This we have seen indeed not to be exactly the case. But, if it were, it would go a very little way towards proving the point it was brought to prove. It would shew that, the sensations and results being similar, the causes of those results must be similar to each other, but it would not shew that the causes were similar to the sensations produced. Thus, in the sensations which belong to taste, smell, sound, colour, and to those of heat and cold, there is all the uniformity which would arise, when the real external causes bore the most exact similitude to the perceptions they generate; and yet it is now universally confessed that tastes, scents, sounds, colours, and heat and cold do not exist out of ourselves. All that we are entitled therefore to conclude as to the magnitudes and distances of the heavenly bodies, is, that the causes of our sensations and perceptions, whatever they are, are not less uniform than the sensations and perceptions themselves…

In reality the observations and the facts of astronomy do not depend either upon the magnitudes or the distances of the heavenly bodies. They proceed in the first place upon what may lie seen with the naked eye. They require an accurate and persevering attention. They may be assisted by telescopes. But they relate only to the sun and the planets. We are bound to ascertain, as nearly as possible, the orbits described by the different bodies in the solar system: but this has still nothing to do, strictly speaking, with their magnitudes or distances. It is required that we should know them in their relations to each other; but it is no preliminary of just, of practical, it might almost be said, of liberal science, that we should know any thing of them absolutely.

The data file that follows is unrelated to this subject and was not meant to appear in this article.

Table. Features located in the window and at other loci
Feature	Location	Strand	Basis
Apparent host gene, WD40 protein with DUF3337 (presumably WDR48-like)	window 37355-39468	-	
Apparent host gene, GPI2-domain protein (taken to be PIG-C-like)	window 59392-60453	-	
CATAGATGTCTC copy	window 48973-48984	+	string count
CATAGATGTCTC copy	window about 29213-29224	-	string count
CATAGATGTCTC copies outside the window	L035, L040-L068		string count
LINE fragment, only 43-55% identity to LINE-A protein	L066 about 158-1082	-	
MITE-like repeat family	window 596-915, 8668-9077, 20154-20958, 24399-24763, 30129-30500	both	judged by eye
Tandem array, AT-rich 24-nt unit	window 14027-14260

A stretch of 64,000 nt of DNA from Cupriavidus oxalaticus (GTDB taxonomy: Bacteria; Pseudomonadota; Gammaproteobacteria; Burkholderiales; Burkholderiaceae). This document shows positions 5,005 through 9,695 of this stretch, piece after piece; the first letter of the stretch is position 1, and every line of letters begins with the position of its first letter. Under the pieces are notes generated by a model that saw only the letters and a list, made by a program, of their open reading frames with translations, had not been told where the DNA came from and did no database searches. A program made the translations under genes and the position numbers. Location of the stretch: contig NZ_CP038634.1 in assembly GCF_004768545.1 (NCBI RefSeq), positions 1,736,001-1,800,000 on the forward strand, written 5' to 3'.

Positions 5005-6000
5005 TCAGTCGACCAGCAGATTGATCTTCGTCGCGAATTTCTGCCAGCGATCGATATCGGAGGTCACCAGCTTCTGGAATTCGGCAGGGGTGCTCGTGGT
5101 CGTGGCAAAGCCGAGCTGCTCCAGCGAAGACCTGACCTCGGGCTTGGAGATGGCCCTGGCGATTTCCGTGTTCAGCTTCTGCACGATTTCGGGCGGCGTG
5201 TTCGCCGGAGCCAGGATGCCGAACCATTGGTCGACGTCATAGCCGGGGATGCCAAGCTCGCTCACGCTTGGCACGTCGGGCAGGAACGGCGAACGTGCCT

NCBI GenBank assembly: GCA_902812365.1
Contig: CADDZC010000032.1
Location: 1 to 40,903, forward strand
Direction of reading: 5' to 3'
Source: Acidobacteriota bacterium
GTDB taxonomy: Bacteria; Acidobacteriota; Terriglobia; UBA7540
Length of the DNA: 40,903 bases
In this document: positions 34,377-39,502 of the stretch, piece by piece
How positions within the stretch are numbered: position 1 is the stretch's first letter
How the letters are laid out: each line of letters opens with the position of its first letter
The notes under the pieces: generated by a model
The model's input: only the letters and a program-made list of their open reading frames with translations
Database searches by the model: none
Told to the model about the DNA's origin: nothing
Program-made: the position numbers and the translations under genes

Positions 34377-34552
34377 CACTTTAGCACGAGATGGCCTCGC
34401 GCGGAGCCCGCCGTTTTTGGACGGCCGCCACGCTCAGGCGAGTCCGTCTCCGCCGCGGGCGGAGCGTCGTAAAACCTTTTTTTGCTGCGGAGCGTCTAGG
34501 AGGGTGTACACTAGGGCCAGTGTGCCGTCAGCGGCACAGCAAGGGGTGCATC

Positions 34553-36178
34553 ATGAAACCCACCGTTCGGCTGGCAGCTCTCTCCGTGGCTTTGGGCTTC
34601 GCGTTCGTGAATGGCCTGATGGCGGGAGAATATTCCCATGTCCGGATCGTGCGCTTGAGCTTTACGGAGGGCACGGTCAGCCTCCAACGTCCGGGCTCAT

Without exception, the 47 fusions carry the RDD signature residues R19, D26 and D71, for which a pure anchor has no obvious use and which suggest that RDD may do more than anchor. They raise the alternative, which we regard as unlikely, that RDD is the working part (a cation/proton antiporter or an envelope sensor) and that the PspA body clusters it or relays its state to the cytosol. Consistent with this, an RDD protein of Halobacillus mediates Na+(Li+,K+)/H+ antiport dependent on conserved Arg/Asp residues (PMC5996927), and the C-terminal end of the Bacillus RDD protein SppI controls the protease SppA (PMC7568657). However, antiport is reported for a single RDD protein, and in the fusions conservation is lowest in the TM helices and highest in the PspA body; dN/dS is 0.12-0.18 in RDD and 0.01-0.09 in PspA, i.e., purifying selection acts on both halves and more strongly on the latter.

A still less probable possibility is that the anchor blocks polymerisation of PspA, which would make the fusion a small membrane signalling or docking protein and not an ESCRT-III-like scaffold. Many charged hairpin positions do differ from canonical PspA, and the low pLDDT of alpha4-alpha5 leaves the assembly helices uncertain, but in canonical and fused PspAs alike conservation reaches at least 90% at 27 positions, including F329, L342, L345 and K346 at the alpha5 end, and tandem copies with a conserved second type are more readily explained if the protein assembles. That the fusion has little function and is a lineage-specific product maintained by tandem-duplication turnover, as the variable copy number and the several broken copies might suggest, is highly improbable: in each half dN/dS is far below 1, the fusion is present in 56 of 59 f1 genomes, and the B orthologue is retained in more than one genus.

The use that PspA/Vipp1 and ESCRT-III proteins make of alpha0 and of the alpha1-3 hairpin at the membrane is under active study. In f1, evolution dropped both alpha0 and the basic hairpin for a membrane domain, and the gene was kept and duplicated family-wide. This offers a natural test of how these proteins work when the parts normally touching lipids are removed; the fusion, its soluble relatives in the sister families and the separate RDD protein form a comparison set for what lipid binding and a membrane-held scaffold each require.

The unlimited ambition of the nature of man has discovered itself in nothing more than this, the amazing superstructure which the votaries of contemplation within the last two hundred years have built upon the simple astronomy of the ancients. Having begun to compute the distances of miles by millions, it appears clearly that nothing can arrest the more than eagle-flight of the human mind. The distance of the nearest fixed star from the earth, we are informed, is at least 7,000,000,000,000 miles, and of another which the astronomers name, not less than 38 millions of millions of miles. The particles of light are said to travel 193,940 miles in every second, which is above a million times swifter than the progress of a cannon-ball. And Herschel has concluded, that the light issuing from the faintest nebulae he has discovered, must have been at this rate two millions of years in reaching the Earth…

This is part of a series